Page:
John Quincy Adams (and socks) posed for his portrait in 1843, almost 15 years after he served as president.
Artist Philip Haas made the daguerreotype portrait of President John Quincy Adams in 1843, almost 15 years after Adams served as the country’s sixth President (1825-1829).
The photo was taken only four years after Louis Daguerre went public with his the invention of his revolutionary daguerreotype, which made possible the first permanent camera photographs.
It must have been an unseasonably cold March day in the Washington, D.C., studio of artist Philip Haas. Adams is pictured with his gloved hands clasped together. He later wrote in his diary that he walked to the studio at 9 o’clock in the morning:
“My hands in woolen lined gloves bitterly pinched with cold. Found Horace Everett [U.S. Congressman from Vermont’s third district] there for the same purpose of being facsimiled. Haas took him once, and then with his consent took me three times, the second of which he said was very good—for the operation is delicate: subject to many imperceptible accidents, and fails at least twice out of three times.”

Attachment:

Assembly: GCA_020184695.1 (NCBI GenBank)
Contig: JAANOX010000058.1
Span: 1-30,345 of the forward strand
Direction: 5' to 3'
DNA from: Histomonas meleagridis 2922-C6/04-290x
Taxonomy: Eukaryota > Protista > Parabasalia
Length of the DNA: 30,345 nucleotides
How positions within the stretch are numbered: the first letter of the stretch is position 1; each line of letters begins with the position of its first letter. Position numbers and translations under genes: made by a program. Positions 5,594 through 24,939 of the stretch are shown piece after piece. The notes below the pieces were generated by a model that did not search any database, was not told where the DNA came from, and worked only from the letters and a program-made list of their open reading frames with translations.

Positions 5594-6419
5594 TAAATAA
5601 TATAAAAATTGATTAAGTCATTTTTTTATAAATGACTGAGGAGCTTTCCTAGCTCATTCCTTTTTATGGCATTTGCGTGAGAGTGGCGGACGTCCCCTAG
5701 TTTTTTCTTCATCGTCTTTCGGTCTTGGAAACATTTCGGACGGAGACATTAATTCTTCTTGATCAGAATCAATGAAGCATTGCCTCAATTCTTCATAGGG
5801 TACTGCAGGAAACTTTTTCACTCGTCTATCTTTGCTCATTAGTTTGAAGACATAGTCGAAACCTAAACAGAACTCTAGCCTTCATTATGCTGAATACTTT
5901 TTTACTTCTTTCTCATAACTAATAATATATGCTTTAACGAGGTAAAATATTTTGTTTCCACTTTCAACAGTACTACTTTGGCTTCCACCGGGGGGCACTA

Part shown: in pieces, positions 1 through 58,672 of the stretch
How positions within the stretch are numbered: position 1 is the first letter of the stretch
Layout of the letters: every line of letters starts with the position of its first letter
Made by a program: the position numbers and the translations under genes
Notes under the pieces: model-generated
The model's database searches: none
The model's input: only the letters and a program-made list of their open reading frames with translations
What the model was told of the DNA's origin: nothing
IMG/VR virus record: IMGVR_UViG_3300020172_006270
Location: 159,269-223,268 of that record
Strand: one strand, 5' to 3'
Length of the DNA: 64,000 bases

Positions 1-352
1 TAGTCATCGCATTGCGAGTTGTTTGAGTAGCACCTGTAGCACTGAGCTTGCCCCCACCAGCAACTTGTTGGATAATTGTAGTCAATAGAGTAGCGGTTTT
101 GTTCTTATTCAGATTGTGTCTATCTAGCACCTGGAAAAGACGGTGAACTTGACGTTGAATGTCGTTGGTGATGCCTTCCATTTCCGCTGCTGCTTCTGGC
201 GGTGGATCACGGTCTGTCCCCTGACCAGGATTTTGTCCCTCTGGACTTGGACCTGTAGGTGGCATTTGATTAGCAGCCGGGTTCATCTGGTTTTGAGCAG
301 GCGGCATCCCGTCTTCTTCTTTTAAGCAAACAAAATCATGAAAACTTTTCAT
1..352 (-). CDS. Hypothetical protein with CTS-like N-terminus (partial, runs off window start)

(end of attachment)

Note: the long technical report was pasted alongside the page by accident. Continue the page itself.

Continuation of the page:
Adams gave the portrait to Congressman Horace Everett, and it remained with the Everett family until a direct descendant put it up for auction with Sotheby’s last month.
The great-great-grandson of Everett found the photograph among his parents’ belongings after they died in the 1990s, and only realized it was Adams a few years ago, the New York Times reported.
Adams is pictured seated, with a flash of light colored socks showing below his trouser cuff.
“I keep getting caught on his cute socks,” Emily Bierman, head of Sotheby’s photography department told the Times when the photograph was listed for auction this summer.
“There is something so human about that.”
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